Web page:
Science - Physics
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Science is a way of knowing, a process for gaining knowledge and understanding
of the natural world. The Science Core Curriculum places emphasis on understanding
and using skills. Students should be active learners. It is not enough for students
to read about science; they must do science. They should observe, inquire, question,
formulate and test hypotheses, analyze data, report, and evaluate findings.
The students, as scientists, should have hands-on, active experiences throughout
the instruction of the science curriculum.
The Science Core describes what students should know and be able to do at the
end of each course. It was developed, critiqued, piloted, and revised by a community
of Utah science teachers, university science educators, State Office of Education
specialists, scientists, expert national consultants, and an advisory committee
representing a wide diversity of people from the community. The Core reflects
the current philosophy of science education that is expressed in national documents
developed by the American Association for the Advancement of Science and the
National Academies of Science. This Science Core has the endorsement of the
Utah Science Teachers Association. The Core reflects high standards of achievement
in science for all students.
Organization of the Science Core
The Core is designed to help teachers organize and deliver instruction. Elements
of the Core include the following:
- Each grade level begins with a brief course description.
- The INTENDED LEARNING OUTCOMES (ILOs) describe the goals for science skills
and attitudes. They are found at the beginning of each grade, and are an integral
part of the Core that should be included as part of instruction.
- The SCIENCE BENCHMARKS describe the science content students should know.
Each grade level has three to five Science Benchmarks. The ILOs and Benchmarks
intersect in the Standards, Objectives and Indicators.
- A STANDARD is a broad statement of what students are expected to understand.
Several Objectives are listed under each Standard.
- An OBJECTIVE is a more focused description of what students need to know
and be able to do at the completion of instruction. If students have mastered
the Objectives associated with a given Standard, they are judged to have mastered
that Standard at that grade level. Several Indicators are described for each
- An INDICATOR is a measurable or observable student action that enables one
to judge whether a student has mastered a particular Objective. Indicators
are not meant to be classroom activities, but they can help guide classroom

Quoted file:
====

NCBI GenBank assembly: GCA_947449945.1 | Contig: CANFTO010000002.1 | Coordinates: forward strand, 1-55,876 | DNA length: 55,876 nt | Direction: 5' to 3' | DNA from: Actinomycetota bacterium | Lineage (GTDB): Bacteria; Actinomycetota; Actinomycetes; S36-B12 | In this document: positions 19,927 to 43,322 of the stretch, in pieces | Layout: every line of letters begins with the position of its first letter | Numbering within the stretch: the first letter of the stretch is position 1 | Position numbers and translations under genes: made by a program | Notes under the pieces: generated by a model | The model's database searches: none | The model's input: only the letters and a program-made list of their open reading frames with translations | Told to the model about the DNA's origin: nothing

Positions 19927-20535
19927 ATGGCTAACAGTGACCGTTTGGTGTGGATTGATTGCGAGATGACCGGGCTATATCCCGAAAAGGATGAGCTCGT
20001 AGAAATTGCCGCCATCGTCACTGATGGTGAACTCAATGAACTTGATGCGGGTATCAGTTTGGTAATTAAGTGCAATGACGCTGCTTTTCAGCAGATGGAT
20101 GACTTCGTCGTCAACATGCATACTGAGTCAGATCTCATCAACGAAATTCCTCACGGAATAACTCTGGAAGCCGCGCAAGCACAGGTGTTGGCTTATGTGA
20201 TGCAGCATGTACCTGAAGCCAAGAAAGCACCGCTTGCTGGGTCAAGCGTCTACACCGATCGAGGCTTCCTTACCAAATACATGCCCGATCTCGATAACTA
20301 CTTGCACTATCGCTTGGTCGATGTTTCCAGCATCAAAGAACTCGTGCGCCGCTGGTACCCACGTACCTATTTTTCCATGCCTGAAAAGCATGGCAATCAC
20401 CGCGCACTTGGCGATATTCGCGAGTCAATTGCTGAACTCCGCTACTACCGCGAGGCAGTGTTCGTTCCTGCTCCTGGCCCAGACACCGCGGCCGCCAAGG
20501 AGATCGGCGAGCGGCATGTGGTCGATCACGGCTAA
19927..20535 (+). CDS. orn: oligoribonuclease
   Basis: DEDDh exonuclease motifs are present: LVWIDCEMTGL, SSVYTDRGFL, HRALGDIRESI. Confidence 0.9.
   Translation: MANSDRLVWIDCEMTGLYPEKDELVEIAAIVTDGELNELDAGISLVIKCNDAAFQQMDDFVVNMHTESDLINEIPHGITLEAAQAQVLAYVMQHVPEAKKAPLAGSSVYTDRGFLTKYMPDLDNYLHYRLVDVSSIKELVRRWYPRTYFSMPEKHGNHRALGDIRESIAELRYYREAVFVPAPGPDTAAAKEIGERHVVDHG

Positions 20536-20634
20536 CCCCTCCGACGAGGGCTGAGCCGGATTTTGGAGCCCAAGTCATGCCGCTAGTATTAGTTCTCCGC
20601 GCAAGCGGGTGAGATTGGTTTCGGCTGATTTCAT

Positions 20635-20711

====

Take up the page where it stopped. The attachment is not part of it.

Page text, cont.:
- SCIENCE LANGUAGE STUDENTS SHOULD USE is a list of terms that students and
teachers should integrate into their normal daily conversations around science
topics. These are not vocabulary lists for students to memorize.
Seven Guidelines Were Used in Developing the Science Core
Reflects the Nature of Science: Science is a way
of knowing, a process for gaining knowledge and understanding of the natural
world. The Core is designed to produce an integrated set of Intended Learning
Outcomes (ILOs) for students.
As described in these ILOs, students will:
- Use science process and thinking skills.
- Manifest science interests and attitudes.
- Understand important science concepts and principles.
- Communicate effectively using science language and reasoning.
- Demonstrate awareness of the social and historical aspects of science.
- Understand the nature of science.
Coherent: The Core has been designed so that, wherever
possible, the science ideas taught within a particular grade level have a logical
and natural connection with each other and with those of earlier grades. Efforts
have also been made to select topics and skills that integrate well with one
another and with other subject areas appropriate to grade level. In addition,
there is an upward articulation of science concepts, skills, and content. This
spiraling is intended to prepare students to understand and use more complex
science concepts and skills as they advance through their science learning.
Developmentally Appropriate: The Core takes into
account the psychological and social readiness of students. It builds from concrete
experiences to more abstract understandings. The Core describes science language
students should use that is appropriate to their grade level. A more extensive
vocabulary should not be emphasized. In the past, many educators may have mistakenly
thought that students understood abstract concepts (such as the nature of the
atom) because they repeated appropriate names and vocabulary (such as "electron"
and "neutron"). The Core resists the temptation to describe abstract
concepts at inappropriate grade levels; rather, it focuses on providing experiences
with concepts that students can explore and understand in depth to build a foundation
for future science learning.
Encourages Good Teaching Practices: It is impossible
to accomplish the full intent of the Core by lecturing and having students read
from textbooks. The Science Core emphasizes student inquiry. Science process
skills are central in each standard. Good science encourages students to gain
knowledge by doing science: observing, questioning, exploring, making and testing
hypotheses, comparing predictions, evaluating data, and communicating conclusions.
The Core is designed to encourage instruction with students working in cooperative
groups. Instruction should connect lessons with students' daily lives.
The Core directs experiential science instruction for all students, not just
those who have traditionally succeeded in science classes.
Comprehensive: The Science Core does not cover all
topics that have traditionally been in the science curriculum; however, it does
provide a comprehensive background in science. By emphasizing depth rather than